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Leveraged and Hedged

Speculative Investment Technique for Profitable Returns

In 1949, Alfred Winslow Jones wrote an article in Fortune magazine on stock market behaviour based on the interpretations of technical analysts who were focused on charts, statistics, and trends. Jones was 88 when he passed away in 1989. He was inducted into the Alpha Hedge Fund Hall of Fame in 2008. The man who was described as more academic than investor, set up a hedge fund in 1949 based on his research on technical analysis. His underlying investment principle was focused on leveraging the fund’s capital to buy financial securities on margin and hedging positions held in the fund’s portfolio.

His strategy minimised market exposure, while profiting from stock gains in the long positions and price declines in the short positions.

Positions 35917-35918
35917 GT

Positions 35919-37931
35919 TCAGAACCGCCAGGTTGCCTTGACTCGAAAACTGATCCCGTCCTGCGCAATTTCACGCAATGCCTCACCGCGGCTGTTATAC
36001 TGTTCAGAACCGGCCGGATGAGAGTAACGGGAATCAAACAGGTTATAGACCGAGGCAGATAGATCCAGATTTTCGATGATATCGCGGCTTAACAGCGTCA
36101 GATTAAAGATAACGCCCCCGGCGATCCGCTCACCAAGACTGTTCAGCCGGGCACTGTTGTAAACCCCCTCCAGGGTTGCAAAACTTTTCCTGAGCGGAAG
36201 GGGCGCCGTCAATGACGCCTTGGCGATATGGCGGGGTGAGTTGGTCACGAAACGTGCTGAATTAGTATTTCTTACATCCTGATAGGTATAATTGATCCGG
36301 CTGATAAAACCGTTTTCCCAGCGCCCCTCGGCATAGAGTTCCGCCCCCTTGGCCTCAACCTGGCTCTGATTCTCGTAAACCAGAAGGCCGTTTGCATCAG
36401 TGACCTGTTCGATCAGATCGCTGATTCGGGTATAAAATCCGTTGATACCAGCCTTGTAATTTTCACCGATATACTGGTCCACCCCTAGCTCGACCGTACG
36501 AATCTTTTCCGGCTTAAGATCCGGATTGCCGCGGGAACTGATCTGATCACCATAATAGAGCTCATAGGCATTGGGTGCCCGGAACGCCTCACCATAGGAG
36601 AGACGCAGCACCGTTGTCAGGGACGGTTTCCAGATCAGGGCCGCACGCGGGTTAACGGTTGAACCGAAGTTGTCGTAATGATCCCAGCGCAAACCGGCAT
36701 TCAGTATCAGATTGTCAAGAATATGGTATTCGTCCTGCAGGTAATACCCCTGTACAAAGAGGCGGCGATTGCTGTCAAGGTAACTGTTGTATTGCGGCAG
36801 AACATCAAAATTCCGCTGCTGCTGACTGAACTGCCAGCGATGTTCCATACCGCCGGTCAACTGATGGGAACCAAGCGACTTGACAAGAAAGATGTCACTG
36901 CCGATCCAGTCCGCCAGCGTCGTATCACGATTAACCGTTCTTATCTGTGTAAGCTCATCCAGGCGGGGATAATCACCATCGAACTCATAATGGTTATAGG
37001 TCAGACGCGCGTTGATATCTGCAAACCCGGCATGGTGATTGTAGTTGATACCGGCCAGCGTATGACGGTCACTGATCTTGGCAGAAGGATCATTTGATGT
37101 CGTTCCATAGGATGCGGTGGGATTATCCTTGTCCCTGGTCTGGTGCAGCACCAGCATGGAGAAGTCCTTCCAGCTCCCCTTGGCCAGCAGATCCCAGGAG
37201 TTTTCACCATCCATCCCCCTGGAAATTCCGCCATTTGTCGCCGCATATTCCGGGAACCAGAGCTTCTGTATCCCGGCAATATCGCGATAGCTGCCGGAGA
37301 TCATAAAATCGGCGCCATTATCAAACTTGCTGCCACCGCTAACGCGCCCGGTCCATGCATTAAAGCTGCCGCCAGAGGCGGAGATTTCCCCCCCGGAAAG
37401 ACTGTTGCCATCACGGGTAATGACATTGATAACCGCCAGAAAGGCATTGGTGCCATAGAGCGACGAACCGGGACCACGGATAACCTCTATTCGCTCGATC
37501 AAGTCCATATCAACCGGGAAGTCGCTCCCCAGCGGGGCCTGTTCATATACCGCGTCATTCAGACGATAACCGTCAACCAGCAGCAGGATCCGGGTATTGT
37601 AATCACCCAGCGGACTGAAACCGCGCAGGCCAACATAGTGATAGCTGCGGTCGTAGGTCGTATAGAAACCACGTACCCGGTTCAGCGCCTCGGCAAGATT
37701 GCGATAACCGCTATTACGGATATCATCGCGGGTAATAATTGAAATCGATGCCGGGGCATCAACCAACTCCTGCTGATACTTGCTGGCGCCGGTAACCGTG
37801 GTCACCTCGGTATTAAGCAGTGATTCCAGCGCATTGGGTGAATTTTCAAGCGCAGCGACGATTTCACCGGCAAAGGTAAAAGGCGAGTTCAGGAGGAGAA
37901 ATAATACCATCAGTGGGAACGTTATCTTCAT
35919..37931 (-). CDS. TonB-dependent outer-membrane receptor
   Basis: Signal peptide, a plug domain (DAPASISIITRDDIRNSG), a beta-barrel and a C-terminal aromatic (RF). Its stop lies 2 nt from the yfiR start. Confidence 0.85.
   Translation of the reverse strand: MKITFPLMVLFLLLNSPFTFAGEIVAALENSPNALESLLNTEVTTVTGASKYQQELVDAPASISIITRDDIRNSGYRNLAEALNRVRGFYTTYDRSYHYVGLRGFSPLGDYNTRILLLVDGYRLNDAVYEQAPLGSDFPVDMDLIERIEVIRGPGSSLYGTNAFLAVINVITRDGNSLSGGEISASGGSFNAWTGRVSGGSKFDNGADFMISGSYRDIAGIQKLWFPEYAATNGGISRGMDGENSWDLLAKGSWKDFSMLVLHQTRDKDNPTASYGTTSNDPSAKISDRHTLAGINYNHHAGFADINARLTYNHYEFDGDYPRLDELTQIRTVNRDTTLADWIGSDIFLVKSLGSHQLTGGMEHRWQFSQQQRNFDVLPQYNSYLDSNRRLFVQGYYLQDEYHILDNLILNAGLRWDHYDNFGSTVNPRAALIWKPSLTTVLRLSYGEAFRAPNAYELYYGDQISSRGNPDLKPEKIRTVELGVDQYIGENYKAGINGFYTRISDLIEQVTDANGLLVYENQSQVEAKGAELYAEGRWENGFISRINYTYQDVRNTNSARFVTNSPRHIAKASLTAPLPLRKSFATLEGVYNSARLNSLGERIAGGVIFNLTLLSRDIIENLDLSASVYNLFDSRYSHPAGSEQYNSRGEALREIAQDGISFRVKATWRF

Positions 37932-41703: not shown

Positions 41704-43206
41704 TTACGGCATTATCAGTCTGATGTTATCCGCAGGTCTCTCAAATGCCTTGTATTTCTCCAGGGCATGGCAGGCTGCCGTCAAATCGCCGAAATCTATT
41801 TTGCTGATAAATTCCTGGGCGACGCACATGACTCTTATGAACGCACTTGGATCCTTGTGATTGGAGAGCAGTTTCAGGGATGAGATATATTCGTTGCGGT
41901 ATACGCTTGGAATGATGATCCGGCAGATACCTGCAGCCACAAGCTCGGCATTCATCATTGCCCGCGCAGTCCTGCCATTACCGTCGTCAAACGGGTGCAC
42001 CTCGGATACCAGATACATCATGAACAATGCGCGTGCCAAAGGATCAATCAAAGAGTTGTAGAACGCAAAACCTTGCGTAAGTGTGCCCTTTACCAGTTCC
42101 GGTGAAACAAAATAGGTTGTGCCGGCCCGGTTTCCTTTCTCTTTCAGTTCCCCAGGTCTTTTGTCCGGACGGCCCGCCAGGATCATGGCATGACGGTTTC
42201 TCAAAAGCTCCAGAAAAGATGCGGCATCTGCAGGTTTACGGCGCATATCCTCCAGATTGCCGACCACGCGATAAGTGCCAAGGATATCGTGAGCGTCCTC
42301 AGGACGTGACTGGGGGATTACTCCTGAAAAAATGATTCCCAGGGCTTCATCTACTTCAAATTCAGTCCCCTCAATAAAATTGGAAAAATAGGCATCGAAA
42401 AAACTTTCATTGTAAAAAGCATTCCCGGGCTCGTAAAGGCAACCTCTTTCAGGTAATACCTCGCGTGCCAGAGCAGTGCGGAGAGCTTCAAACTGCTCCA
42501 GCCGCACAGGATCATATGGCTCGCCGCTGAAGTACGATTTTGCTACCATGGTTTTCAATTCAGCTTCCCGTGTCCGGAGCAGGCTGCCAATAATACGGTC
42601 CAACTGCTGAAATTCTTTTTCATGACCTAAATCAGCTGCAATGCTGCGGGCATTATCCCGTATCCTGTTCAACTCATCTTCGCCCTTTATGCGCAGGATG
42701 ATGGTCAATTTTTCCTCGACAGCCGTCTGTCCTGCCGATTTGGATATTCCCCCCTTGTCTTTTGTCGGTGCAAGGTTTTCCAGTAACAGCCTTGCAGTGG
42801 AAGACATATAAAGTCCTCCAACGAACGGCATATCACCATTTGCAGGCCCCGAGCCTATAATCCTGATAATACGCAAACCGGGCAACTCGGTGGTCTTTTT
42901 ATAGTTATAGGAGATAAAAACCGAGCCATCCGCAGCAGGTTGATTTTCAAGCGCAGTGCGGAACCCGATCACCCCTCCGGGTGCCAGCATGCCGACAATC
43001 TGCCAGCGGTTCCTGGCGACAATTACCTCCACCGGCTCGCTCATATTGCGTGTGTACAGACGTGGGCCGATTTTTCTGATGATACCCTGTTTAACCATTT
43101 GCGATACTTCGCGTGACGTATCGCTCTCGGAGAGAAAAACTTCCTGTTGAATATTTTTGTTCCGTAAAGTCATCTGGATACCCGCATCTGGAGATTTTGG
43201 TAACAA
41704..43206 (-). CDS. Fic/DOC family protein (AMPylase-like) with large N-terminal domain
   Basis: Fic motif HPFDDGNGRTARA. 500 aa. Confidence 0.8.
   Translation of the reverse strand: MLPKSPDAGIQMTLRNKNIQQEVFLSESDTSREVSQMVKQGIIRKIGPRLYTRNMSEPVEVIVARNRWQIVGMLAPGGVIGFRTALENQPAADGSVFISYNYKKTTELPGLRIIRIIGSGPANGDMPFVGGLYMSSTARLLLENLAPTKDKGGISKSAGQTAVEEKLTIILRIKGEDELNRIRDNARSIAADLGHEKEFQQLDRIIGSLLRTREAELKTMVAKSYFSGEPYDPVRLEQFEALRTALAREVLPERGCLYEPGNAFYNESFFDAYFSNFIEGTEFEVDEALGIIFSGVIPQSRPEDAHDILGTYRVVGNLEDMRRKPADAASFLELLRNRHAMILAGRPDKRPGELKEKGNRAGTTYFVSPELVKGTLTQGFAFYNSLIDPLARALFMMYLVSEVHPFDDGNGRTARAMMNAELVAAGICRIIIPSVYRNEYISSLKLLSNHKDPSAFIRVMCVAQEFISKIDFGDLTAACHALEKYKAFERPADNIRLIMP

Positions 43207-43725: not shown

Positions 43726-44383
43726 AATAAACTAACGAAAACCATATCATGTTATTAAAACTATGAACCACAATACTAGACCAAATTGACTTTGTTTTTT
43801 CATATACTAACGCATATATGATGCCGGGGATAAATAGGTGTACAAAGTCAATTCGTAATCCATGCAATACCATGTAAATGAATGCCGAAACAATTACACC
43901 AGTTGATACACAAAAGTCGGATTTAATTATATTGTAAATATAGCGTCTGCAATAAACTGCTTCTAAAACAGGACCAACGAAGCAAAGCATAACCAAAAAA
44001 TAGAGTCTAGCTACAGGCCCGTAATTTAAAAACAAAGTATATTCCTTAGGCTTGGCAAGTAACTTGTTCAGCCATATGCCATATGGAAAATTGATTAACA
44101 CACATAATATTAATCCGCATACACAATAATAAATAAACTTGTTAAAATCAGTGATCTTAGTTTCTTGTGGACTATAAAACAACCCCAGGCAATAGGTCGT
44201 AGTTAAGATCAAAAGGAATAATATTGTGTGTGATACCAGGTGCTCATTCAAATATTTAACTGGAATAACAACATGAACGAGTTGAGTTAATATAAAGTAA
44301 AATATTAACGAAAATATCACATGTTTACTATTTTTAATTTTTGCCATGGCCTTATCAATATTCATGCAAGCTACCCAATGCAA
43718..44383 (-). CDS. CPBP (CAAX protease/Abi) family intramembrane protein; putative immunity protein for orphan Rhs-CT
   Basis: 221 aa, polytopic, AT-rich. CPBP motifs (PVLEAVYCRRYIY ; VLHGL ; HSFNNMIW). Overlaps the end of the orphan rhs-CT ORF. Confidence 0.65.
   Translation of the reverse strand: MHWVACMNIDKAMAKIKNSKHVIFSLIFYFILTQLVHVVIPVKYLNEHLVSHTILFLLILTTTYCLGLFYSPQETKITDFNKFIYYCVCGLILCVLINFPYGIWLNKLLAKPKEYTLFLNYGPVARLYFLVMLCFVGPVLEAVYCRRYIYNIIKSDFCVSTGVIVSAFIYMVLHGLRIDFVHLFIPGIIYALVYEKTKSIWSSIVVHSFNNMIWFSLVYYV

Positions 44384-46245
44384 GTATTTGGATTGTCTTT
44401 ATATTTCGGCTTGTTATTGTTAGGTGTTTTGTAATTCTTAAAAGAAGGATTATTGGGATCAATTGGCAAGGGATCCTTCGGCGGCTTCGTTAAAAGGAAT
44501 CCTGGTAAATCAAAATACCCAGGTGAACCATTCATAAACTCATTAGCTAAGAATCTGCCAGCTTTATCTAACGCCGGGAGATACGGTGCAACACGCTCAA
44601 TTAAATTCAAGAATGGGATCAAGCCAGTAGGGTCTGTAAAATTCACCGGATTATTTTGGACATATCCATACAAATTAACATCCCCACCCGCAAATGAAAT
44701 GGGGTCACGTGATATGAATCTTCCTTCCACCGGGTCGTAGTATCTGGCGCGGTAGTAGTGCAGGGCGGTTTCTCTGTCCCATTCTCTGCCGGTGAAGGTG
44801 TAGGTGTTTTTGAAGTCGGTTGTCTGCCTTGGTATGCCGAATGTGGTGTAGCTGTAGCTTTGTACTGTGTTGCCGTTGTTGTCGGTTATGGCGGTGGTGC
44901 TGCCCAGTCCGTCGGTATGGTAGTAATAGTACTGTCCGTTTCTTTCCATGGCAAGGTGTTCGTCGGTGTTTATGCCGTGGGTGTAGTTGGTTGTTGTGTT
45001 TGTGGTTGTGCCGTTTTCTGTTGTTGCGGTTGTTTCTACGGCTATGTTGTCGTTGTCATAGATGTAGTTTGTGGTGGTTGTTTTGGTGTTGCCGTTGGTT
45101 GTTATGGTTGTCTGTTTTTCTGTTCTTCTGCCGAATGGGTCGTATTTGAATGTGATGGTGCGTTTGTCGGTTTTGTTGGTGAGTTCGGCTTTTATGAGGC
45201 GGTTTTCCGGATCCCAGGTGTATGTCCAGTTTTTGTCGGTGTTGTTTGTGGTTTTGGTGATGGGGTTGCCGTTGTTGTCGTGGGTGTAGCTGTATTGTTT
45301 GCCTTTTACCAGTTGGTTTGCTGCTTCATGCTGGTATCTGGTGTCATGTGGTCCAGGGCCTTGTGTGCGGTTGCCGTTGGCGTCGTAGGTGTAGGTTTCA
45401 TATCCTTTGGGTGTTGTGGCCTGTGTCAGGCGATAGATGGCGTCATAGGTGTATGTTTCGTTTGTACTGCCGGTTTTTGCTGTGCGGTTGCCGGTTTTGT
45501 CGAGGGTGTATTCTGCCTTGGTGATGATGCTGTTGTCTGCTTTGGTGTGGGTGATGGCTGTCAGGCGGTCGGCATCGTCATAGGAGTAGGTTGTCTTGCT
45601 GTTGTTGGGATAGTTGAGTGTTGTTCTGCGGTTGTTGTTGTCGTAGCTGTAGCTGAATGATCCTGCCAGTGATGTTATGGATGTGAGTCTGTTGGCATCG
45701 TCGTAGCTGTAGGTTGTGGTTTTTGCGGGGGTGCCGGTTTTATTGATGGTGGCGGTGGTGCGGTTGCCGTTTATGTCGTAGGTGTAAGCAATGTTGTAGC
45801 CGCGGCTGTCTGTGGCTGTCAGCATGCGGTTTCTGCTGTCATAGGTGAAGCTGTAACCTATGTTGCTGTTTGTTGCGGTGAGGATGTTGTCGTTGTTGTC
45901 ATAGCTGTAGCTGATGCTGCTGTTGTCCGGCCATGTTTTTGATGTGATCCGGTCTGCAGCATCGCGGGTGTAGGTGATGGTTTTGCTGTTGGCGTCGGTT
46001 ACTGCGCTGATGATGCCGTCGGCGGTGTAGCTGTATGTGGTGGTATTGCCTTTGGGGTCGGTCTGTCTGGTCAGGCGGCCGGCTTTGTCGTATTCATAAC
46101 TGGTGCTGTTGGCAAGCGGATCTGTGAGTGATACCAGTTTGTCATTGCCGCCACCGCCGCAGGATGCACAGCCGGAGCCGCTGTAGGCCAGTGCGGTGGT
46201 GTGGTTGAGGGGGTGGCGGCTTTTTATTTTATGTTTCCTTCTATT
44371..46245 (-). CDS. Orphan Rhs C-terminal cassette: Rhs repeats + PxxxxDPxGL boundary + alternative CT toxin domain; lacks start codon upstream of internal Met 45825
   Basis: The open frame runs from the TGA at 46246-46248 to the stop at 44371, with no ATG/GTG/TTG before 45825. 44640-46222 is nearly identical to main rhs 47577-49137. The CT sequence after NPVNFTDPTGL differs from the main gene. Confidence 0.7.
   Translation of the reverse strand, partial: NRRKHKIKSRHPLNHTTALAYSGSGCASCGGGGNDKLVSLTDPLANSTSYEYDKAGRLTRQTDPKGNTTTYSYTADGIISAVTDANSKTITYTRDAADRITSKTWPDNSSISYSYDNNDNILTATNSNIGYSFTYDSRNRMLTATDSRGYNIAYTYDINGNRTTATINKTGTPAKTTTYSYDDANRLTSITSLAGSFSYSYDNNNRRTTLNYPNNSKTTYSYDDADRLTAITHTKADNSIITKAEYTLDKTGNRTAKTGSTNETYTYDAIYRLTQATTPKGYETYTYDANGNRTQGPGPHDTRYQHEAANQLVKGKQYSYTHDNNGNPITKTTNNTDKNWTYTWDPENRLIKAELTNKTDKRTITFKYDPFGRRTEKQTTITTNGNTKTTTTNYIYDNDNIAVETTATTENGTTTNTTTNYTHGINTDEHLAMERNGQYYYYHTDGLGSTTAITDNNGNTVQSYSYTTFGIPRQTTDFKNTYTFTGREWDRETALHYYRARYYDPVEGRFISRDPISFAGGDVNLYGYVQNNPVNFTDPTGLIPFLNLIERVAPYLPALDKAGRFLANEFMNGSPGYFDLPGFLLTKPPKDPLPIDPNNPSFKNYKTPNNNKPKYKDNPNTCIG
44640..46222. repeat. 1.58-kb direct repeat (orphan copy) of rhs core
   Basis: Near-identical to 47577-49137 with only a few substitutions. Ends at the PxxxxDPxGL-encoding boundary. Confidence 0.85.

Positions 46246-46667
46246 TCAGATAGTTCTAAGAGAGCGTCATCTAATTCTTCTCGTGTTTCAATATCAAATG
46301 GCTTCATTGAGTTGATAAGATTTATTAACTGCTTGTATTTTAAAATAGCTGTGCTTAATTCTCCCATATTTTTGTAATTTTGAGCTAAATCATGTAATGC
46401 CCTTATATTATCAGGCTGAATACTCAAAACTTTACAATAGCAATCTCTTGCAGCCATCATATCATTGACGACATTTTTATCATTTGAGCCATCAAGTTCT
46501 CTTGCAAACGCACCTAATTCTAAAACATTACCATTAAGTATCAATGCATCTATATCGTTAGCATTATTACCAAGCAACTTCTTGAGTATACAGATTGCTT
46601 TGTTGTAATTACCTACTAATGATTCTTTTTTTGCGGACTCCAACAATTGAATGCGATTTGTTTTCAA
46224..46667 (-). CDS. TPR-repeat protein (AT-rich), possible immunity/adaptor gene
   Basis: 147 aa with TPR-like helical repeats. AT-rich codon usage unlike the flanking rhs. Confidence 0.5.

Jones founded one of the first modern hedge funds. His investment approach enabled the fund to return 17% gain on investment in the first year of operation. By 1963, two of his funds had gained by 31% and 38%, compared to an increase of 6% for the Dow Jones industrials.

With leveraging capital to buy financial securities, underlined by a portfolio hedging strategy and technical analysis, there are countless stories like Jones’s, and examples of fund managers that have outperformed either a ‘composite index’ of stock market-based indices, or a ‘peer group’ benchmark. Their analysis is considered slightly more useful in forecasting trends than fundamental analysis, but significantly more useful in predicting turning points in trending markets.


The Leveraged Hedge

Jones’s use of leverage meant that he could significantly increase the return that his investment provided while taking short positions that enabled him to operate on the long side with maximum aggressiveness. His strategy minimised market exposure, while profiting from stock gains in the long positions and price declines in the short positions. Where investors questioned his approach, Jones simply said he was using “speculative techniques for conservative ends.”




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